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Old 11-28-2018, 06:08 AM
 
34 posts, read 15,625 times
Reputation: 49

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I read in the linked article that the average age of retirement is 63. I find that interesting but I could not find out a true definition of being retired. How do they get the statistic of 63?

https://smartasset.com/retirement/av...in-every-state

https://dqydj.com/average-retirement...united-states/

Are these friends of mine officially retired:

1) Left a full-time High School teaching job last year but now work as a part-time substitute and tutor and average 25 hours a week working for pay.

2) Left full-time work but now volunteer up to 40 hours a week for the United Way at no pay.

3) Left corporate America but work as a consultant and work 60 hours a week some months and other months not at all.

Are any of my friends above officially retired for statistical purposes?

Last edited by Specific Point; 11-28-2018 at 06:35 AM..
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Old 11-28-2018, 06:27 AM
 
364 posts, read 125,596 times
Reputation: 1440
Very interesting post.

Personally I won't consider myself officially retired until I receive SS (currently not receiving SS). I work 8 hours per month and do some volunteering without pay.
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Old 11-28-2018, 06:39 AM
 
Location: Scottsdale, AZ
7,595 posts, read 4,674,480 times
Reputation: 27789
Retirement is whatever you want it to be. I'll be collecting Social Security next year but I'll still be working. Is that "official retirement"?

That's one illustration of how the phrase is essentially meaningless.
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Old 11-28-2018, 07:10 AM
 
6,303 posts, read 5,042,575 times
Reputation: 12805
I'm retired and volunteer and do consider myself RETIRED!!
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Old 11-28-2018, 08:05 AM
 
6,526 posts, read 1,336,586 times
Reputation: 16534
I think that if a person has a full-time job for most of their adult life prior to quitting his or her last full-time job, and s/he has no need or desire to ever work at a full-time paid job again, and s/he is doing what s/he wants to do (unless ill health prevents that), then that person is retired -- but that is just my opinion, of course.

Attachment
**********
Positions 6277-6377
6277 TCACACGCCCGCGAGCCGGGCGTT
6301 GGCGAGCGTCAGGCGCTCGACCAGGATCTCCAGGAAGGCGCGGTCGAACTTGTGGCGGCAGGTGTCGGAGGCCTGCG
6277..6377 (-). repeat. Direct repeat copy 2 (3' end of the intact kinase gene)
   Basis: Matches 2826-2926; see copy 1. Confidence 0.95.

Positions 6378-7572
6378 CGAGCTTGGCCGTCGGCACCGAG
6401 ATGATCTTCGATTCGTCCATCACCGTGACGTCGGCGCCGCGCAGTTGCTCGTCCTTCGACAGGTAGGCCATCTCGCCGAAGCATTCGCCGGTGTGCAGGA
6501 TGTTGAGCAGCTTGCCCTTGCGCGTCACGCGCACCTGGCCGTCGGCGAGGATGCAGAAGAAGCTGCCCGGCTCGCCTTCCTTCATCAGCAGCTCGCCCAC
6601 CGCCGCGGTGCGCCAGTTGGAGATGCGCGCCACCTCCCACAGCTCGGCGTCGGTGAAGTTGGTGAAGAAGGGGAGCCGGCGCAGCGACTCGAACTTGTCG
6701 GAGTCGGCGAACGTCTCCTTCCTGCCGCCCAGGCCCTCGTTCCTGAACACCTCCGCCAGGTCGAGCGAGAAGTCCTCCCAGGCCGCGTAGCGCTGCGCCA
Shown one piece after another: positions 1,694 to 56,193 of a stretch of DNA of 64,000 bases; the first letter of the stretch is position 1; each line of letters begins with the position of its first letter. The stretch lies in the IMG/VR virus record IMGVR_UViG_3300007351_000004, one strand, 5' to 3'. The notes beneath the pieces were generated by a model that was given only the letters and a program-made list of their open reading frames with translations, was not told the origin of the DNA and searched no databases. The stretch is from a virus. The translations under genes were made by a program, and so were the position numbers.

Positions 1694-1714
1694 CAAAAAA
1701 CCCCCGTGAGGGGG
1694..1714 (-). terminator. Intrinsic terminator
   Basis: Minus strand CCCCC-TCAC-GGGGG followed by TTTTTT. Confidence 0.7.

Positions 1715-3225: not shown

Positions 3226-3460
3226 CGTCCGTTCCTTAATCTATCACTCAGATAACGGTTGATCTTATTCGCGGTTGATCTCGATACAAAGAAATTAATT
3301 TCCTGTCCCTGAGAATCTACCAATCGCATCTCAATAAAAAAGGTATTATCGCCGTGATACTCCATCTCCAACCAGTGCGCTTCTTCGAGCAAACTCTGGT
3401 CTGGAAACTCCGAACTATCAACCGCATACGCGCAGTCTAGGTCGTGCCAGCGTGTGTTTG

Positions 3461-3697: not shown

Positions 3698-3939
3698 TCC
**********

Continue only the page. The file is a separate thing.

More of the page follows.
I work part-time at a job that is more of a hobby, even though I get paid for it (wine consultant), and I definitely consider myself to be mostly retired.

Last edited by katharsis; 11-28-2018 at 08:21 AM..
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Old 11-28-2018, 08:07 AM
 
Location: Florida
4,355 posts, read 3,689,532 times
Reputation: 4084
When you do not need to work support your life style and leave the type of work you have done most of your life.
If you work part time for your old employer maybe you are partly retired.
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Old 11-28-2018, 08:14 AM
 
71,463 posts, read 71,629,249 times
Reputation: 49027
i work a few part time gigs for pay but nothing i wouldn't do for free because i enjoy all of them .

retirement can mean not having to work but not necessarily not working
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Old 11-28-2018, 08:21 AM
 
Location: Gulf Coast
284 posts, read 595,136 times
Reputation: 448
To me, retirement is being able to do what you want, when you want, without regard to forcibly answering to anyone else or a schedule; as well as not having to rely on income. Now, if you voluntarily work PT, that's under the assumption you WANT to work that particular job as it's enjoyable, of interest, a hobby, etc. You use the money as extra "fun" money, and you're ok with whatever schedule that part time job requires.

Keyword is here "optional". Do you want to do it for fun and extra income, or do you work PT out of necessity?

Here's an example. My "fun" job in retirement if I retire young enough and choose to have one will be one of the guys that drives/delivers cars for auto dealers or auctions. (dealer exchange/delivery drivers, auction lane driver, etc.) To me, as a car enthusiast, that's a hobby/fun job to get out of the house, socialize, and make extra money. That job is often on-call; so you are able to choose if you want to work that day or not.
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Old 11-28-2018, 08:32 AM
 
Location: The Triad (NC)
28,484 posts, read 62,084,629 times
Reputation: 32136
Cutting to the chase... I believe that the FIRST qualify line is drawn over health insurance.

If you're not old enough to qualify for for Medicare ...
and/or you aren't covered under some (former) employer's paid group plan ...
then it's really hard to assert that you're really and fully retired.

If you have enough assets producing enough income to meet the other aspects of your life needs
then you're likely to earn too much to qualify for an ACA subsidy ... and even if you do...
the HI policy will cost a small fortune and/or have a crazy high deductible and OOP scheme.
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Old 11-28-2018, 08:45 AM
 
Location: Towson, MD
189 posts, read 106,521 times
Reputation: 816
1 and 3 NOT retired, 2 retired. If you're working for pay, you're not retired. Casually working or part time, or whatever, if you're getting paid you're not retired.
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